At Ease: Civil War Colonels - Leading the Charge!
Eagles and Stars
Colonels—commanders of regiments, and frequently taking over brigades out of chain of command necessity—were important officers on Civil War battlefields. They also penned many of the battle reports that form the Official Records, helping researchers piece together what happened in combat. It was challenging this week to pick which stories and officers to spotlight, and we hope you'll be pleased and surprised with the highlights. We enjoyed reading your answers to the survey!
Check out the survey results from last week and the answers to the question: who is your favorite Colonel from the Civil War? (Answers were not limited to officers in Central Virginia.)
Colonel Henry "Harry" King Burgwyn, Jr. (26th North Carolina Infantry Regiment)
Colonel Peyton H. Colquitt (46th Georgia Infantry Regiment)
Lt. Colonel Rufus Dawes (6th Wisconsin Infantry Regiment)
Colonel John Egbert Farnum (70th New York Infantry Regiment)
Colonel Patrick O'Rourke (140th New York Infantry Regiment)
Colonel James A. Beaver (148th Pennsylvania Infantry Regiment)
Colonel Emory Upton (121st New York Infantry Regiment)
Colonel Strong Vincent (83rd Pennsylvania Infantry Regiment)
Colonel John Singleton Mosby - 2 votes (43rd Battalion of Virginia Cavalyr, aka Mosby's Rangers)
Colonel Edward Cross (5th New Hampshire Infantry Regiment)
Colonel Edward Baily (21 New York Infantry Regiment)
Colonel Robert P. Cummins (142nd Pennsylvania Infantry Regiment
Union and Confederate insignia for the rank of colonel
Winning General's Stars
One of the most famous colonels from the Battle of Spotsylvania Court House? Emory Upton. He launched an important attack and vowed to win his promotion to general through the effort. The new video explores the moment of attack:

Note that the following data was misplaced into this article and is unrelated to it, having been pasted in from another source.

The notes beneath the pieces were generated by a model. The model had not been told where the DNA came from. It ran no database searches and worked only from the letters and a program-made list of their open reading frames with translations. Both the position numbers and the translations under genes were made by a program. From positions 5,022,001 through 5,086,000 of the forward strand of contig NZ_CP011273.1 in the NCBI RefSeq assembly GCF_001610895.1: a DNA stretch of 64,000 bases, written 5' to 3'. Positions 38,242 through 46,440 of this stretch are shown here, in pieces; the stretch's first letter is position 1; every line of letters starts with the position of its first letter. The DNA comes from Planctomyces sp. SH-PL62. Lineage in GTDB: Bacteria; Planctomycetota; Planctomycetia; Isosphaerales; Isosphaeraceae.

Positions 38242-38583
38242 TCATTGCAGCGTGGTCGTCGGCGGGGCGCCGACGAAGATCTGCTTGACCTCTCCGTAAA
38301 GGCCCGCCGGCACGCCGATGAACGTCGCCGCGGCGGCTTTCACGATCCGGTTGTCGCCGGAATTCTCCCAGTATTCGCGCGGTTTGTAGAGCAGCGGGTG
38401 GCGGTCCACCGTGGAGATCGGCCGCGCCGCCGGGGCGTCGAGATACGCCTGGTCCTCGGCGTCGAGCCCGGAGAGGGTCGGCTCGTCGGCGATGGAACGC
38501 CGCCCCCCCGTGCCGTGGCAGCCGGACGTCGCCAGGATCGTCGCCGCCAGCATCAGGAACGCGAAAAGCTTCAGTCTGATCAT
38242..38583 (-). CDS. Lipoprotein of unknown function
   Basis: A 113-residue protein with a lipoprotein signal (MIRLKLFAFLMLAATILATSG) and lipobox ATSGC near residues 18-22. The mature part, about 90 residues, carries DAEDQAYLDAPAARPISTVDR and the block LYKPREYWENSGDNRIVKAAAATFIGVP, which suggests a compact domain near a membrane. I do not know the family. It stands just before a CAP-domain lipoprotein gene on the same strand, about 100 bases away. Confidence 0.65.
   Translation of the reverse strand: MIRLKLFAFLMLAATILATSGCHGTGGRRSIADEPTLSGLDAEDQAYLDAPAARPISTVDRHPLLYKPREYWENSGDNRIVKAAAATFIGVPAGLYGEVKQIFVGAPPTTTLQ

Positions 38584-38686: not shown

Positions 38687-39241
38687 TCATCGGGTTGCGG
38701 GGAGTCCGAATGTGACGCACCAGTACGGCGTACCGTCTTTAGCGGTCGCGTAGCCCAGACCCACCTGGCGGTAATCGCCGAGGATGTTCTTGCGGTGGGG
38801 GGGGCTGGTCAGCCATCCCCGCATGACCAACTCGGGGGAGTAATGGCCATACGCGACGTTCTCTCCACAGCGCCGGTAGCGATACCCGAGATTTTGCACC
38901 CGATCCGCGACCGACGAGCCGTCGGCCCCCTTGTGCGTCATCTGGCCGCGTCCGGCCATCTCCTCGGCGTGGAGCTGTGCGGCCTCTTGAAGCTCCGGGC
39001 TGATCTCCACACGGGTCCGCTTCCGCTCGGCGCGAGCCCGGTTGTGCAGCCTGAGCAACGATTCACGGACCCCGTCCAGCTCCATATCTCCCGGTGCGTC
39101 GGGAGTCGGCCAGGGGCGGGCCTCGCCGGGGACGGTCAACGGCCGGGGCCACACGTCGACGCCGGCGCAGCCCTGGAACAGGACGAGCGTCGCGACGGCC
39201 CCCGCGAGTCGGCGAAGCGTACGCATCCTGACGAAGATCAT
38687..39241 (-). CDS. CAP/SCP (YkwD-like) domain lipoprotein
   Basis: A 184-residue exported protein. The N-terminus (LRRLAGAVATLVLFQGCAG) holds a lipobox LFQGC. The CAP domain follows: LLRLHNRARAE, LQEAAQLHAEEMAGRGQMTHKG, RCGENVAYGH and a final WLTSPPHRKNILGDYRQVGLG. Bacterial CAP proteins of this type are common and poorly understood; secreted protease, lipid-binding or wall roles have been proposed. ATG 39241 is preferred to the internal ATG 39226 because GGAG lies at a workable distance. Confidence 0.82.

Colonel John D. Kennedy
Commanding the 2nd South Carolina Infantry, Colonel John D. Kennedy led troops to the aid of Cobb's men defending the Sunken Road during the Battle of Fredericksburg on December 13, 1862. In the words of his brigade commander, Joseph B. Kershaw: "...I was directed to send two regiments into the city to the support of General Cobb then engaged with part of his brigade at the foot of Marye's Hill, and having called for re-enforcements. I sent forward at once Col. John D. Kennedy with his own (Second) regiment and the Eighth Regiment South Carolina Volunteers." Kennedy himself reported later getting to Marye's Heights and what happened next: "I then moved the two regiments into the field to the left of the wood (in which I had halted), fronted, and advanced in line of battle, making the Eighth the battalion of direction, and obliquing to the right, so as to throw the two commands between the two right batteries of the Washington Artillery on the hill and the [Marye] house. The fire of shell and small arms was terrific, raking the whole field. The men moved forward in fine style, obeying promptly every command issued. When I arrived at the crest of the hill, I gave the command double-quick, and moved the two regiments to the stone fence on the Telegraph road, and where General Cobb was posted. One volley was fired before reaching it, and that by the Eighth Regiment."
John D. Kennedy, post war photograph
Colonels at The Wilderness
By May 1864, William Francis Bartlett and George N. Macy had both been promoted to colonels, but early in the war they had been junior officers together in the 20th Massachusetts Infantry. In Bartlett's Memoirs, their incident of meeting again on the Wilderness battlefield is described: A dramatic incident occurred at this battle of the Wilderness. Bartlett and Macy had last seen each other in the field on the 24th of April, 1862, when they both were Captains in the 20th Massachusetts Infantry. In the battle of the Wilderness, they were wounded nearly at the same time, and as they emerged from the woods, Bartlett drooping over the neck of his horse and with his arms clinging round it, and Macy borne on a stretcher, they met, both of them Colonels of Massachusetts Infantry regiments. It was a strange chance that men who had parted with the rank of captain, should next meet in the field more than two years after, both colonels, serving in different corps d 'armée, and both wounded in the same battle. Both colonels survived.
Colonel William F. Bartlett (left) and Colonel George N. Macy (right)
Central Virginia Battlefields Trust's mission is to preserve, protect, and educate about Civil War hallowed ground at Fredericksburg, Chancellorsville, The Wilderness, and Spotsylvania.